This post is also available in 简体中文, 繁體中文, 日本語, 한국어, Deutsch, Français, Español, Italiano.
Cloudflare blocks a lot of diverse security threats, with some of the more interesting attacks targeting the “long tail” of the millions of Internet properties we protect. The data we glean from these attacks trains our machine learning models and improves the efficacy of our network and application security products, but historically hasn’t been available to query directly. This week, we’re changing that.
All customers will soon be granted access to our new threat investigations portal, Investigate, in the Cloudflare Security Center (first launched in December 2021). Additionally, we’ll be annotating threats across our analytics platform with this intelligence to streamline security workflows and tighten feedback loops.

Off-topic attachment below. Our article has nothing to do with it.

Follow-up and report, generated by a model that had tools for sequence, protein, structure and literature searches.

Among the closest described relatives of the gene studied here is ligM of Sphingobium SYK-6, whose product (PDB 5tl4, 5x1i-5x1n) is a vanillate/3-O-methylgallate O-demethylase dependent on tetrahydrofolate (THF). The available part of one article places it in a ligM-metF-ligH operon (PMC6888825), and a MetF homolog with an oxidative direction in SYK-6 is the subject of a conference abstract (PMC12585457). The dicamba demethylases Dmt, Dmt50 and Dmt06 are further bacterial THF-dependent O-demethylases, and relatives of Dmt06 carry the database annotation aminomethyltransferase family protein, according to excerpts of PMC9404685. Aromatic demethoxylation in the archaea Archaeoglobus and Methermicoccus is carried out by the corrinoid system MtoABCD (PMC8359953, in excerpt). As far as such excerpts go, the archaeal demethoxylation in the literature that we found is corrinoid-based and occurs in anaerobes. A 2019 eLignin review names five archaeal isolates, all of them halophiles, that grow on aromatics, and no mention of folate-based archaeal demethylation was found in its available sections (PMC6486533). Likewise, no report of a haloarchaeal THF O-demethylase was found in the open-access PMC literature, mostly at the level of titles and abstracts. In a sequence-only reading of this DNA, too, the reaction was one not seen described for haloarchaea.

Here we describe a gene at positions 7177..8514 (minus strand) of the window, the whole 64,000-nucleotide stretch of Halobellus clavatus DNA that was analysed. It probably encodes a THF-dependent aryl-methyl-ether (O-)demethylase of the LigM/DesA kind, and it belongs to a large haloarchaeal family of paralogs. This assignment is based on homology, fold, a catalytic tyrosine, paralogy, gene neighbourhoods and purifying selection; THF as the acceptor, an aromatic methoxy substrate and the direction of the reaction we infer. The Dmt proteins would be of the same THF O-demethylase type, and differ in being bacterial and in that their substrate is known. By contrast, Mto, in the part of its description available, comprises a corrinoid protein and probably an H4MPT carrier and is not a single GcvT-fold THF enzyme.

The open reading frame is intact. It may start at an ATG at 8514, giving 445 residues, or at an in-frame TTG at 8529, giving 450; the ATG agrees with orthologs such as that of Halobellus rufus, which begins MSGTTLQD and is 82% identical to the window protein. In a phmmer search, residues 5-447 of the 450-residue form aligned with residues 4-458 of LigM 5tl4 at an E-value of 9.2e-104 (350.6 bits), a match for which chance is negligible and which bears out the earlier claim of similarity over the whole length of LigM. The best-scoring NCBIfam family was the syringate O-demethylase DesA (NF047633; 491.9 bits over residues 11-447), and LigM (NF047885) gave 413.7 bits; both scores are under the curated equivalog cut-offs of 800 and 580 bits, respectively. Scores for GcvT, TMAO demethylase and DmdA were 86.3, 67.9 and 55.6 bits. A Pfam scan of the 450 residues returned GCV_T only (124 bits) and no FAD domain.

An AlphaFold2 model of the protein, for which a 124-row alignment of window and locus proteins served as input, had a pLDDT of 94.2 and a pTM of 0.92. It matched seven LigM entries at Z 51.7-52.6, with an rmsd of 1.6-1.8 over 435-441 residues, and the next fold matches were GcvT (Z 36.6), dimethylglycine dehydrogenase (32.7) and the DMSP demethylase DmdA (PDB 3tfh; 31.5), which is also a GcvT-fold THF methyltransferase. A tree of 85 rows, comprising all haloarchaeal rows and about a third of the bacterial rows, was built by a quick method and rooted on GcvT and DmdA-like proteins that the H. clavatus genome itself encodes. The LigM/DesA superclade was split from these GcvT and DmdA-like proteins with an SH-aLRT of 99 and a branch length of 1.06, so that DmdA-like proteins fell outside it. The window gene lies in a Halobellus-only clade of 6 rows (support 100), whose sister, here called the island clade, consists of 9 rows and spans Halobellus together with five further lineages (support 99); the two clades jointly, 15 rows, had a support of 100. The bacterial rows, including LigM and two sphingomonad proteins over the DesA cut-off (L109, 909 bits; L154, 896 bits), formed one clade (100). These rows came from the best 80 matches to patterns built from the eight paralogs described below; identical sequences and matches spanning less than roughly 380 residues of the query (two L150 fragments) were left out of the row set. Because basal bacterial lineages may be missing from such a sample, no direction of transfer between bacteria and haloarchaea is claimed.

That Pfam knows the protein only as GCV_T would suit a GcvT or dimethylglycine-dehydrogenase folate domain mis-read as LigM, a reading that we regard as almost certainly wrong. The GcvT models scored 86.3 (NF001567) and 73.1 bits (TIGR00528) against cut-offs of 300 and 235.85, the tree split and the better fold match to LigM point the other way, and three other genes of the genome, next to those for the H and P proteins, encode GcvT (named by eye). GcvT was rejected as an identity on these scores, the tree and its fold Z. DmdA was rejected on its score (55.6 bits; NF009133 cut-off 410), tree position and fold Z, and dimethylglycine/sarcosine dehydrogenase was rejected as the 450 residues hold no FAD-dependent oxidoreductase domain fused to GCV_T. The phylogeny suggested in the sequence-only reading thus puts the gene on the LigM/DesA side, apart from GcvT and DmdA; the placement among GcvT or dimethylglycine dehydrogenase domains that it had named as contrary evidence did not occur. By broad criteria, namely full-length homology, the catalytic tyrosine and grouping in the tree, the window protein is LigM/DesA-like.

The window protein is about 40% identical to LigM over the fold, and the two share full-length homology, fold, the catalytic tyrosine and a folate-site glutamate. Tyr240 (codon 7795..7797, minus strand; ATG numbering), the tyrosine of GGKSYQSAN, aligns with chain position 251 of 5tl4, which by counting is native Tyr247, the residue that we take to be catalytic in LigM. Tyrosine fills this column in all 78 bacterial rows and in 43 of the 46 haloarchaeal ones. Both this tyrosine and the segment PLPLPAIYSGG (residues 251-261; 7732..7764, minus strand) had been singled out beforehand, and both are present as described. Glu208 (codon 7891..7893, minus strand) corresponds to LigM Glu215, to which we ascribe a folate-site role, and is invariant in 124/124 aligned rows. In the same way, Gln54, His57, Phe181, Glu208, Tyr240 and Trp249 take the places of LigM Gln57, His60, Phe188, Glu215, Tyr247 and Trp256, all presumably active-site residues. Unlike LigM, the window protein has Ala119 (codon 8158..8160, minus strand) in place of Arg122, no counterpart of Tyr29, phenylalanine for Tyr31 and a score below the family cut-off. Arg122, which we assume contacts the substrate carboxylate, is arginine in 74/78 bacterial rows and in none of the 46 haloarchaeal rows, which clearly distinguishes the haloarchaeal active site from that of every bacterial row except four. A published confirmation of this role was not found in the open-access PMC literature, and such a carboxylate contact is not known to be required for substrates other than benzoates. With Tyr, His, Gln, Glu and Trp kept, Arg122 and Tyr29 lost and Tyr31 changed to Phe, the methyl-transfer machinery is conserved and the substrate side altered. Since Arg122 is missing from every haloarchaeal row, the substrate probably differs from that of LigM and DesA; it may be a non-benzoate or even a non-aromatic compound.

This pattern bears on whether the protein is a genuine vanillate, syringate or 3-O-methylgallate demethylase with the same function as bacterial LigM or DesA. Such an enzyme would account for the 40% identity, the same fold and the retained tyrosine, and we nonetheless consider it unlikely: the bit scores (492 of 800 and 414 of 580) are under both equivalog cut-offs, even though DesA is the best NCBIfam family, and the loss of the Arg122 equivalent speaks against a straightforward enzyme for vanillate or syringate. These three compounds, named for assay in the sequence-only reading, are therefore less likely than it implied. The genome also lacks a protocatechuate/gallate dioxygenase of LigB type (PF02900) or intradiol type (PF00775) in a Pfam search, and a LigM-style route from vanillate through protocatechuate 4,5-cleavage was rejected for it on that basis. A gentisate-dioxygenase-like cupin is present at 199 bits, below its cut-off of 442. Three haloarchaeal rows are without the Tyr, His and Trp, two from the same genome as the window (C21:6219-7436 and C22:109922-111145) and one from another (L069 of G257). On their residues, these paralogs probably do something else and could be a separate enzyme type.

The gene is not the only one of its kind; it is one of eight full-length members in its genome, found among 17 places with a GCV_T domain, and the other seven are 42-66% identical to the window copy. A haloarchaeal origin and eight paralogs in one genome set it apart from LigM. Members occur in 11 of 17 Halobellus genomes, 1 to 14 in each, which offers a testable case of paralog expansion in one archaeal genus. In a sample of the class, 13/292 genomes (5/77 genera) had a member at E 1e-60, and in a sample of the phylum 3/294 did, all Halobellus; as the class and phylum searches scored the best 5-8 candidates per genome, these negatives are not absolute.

What sorts of data might you want to look up here? Let’s say you’re seeing an IP address in your logs and want to learn which hostnames have pointed to it via DNS, or you’re seeing a cluster of attacks come from an autonomous system (AS) you’re not familiar with. Or maybe you want to investigate a domain name to see how it’s been categorized from a threat perspective. Simply enter any of those items into the omni search box, and we’ll tell you everything we know.